Wednesday, June 3, 2009

One by-election too many?

By Elections In Malaysia
The Electric New Paper, Singapore
MON 01 JUNE 2009 - Tan May Ping

THERE have been seven by-elections in Malaysia since the March 2008 general election in which the ruling Barisan Nasional (BN) won a close battle against Mr Anwar Ibrahim's Pakatan Rakyat (PR) coalition, comprising PKR, PAS and DAP.

Some Malaysians are already calling 2009 'a year of by-elections', especially since the last parliamentary term from 2004 to 2008 saw only six by-elections - or an average of 1.5 a year.

The New Paper on Sunday spoke to three analysts about the 'by-election effect'.

They are Dr Ooi Kee Beng, fellow at the Institute of Southeast Asian Studies, Singapore; Professor James Chin, political science professor at Monash University in Malaysia, and Dr Ahmad Nidzammudin Sulaiman, University Kebangsaan Malaysia's political science head.

How do the by-elections affect the Malaysian psyche?

Dr Ooi: They add to the feeling that changes will not come easily and that they are in for a long period of political battles.

Prof Chin: Voters are unhappy that so much money is wasted on by-elections.

Dr Ahmad: Overall, Malaysians have no problem and look forward to them.

How do they affect the Malaysian economy?

Dr Ooi: Minimally. What does affect the economy are federal policies and federal postures vis-a-vis the opposition states, which happen to be the most industrialised states that the national economy is dependent on.

Prof Chin: Nothing direct, but overall it creates an atmosphere of political instability.

Dr Ahmad: Not much. There are many other factors like the current global economic slump. Elections in Malaysia are safely run and I don't think foreign investors are overly worried.

How do they affect the political situation in Malaysia?

Dr Ooi: Malaysian politics will be kept in a 'campaigning mode' for too long. This affects how changes will take place, and defensiveness and offensiveness will become the mode of thought more than 'nation-building'.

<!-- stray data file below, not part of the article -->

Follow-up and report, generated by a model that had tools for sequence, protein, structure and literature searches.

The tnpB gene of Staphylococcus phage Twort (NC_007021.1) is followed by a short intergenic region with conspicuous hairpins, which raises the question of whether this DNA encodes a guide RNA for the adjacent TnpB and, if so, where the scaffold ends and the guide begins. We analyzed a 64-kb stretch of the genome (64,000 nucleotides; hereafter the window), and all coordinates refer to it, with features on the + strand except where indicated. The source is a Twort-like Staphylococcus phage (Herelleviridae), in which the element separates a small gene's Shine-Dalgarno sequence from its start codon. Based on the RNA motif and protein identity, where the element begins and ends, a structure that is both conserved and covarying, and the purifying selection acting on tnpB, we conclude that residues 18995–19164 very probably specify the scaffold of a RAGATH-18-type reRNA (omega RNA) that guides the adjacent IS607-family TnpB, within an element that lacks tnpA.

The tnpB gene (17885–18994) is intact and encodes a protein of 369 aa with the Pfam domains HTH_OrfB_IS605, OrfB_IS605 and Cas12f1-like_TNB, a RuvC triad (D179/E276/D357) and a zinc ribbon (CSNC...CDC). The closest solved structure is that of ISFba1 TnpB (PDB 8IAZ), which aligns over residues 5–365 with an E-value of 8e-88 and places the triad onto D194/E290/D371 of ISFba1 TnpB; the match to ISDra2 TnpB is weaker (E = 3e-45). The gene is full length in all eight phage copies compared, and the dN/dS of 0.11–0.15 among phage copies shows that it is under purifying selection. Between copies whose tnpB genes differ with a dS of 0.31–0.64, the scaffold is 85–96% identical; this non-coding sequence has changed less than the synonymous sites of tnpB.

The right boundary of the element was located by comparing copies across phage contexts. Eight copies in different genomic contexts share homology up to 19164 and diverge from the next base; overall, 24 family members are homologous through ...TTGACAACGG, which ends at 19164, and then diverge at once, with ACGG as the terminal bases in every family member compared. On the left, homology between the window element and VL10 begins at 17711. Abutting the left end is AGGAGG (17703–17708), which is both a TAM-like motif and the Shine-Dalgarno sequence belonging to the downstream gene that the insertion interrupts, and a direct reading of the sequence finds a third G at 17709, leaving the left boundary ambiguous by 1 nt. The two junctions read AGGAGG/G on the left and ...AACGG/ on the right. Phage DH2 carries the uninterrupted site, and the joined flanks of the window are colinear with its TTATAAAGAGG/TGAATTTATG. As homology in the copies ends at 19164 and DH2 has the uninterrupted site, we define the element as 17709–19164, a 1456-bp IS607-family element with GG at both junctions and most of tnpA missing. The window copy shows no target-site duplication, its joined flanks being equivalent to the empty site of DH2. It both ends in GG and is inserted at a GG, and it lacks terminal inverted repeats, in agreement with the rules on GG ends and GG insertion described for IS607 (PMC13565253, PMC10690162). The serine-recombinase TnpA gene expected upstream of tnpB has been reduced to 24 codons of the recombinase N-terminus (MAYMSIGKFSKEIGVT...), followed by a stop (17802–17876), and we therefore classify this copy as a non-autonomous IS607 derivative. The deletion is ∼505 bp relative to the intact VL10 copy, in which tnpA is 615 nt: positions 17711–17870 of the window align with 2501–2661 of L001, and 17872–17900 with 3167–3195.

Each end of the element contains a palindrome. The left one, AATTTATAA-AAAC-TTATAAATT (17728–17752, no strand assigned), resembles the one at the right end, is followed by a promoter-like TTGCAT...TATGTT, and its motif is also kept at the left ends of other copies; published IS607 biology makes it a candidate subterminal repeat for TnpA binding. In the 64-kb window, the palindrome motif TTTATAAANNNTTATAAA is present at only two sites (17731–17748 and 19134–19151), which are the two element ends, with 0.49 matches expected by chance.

Prof Chin: Political parties come alive during elections so it's good for them.

Dr Ahmad: Since March 2008, Malaysia has been in a transition period into more open, competitive new politics. These elections heighten politicking among parties. They, however, do not disrupt the overall political system.

Do they strengthen the opposition hand as opposed to the BN?

Dr Ooi: Yes, they favour the opposition for now. But they do tell the BN that they cannot win if they do not change fast enough.

The pressure is on the opposition to get its act together, to deliver on reforms where they can and to improve the quality of their rank-and-file.

Prof Chin: Yes and no. For Perak, it strengthens the PR.

Dr Ahmad: The current position of the opposition does strengthen since the common interest of the members to knock down BN is still intact. Conflicting ideologies are put aside for the sake of this common interest.

On the other hand, BN cohesion looks a little shaken as a few component parties have threatened to pull out.

Going forward, what is the best strategy for BN?

Dr Ooi: Turning the economy around, and improving international trade relations. BN component parties have to respond to the demands of the times. This is where they are at a loss. I suspect BN will have to lose power in order to become a healthy organisation again.

Prof Chin: As the incumbent in power since Independence, they must fight for every seat, even in hopeless cases. They cannot allow the PR and Anwar momentum.

Dr Ahmad: There is no short-cut remedy for 50 years of blunders they have made. People are demanding good governance, transparency, accountability and open society. They have to sacrifice a lot to regain public confidence.

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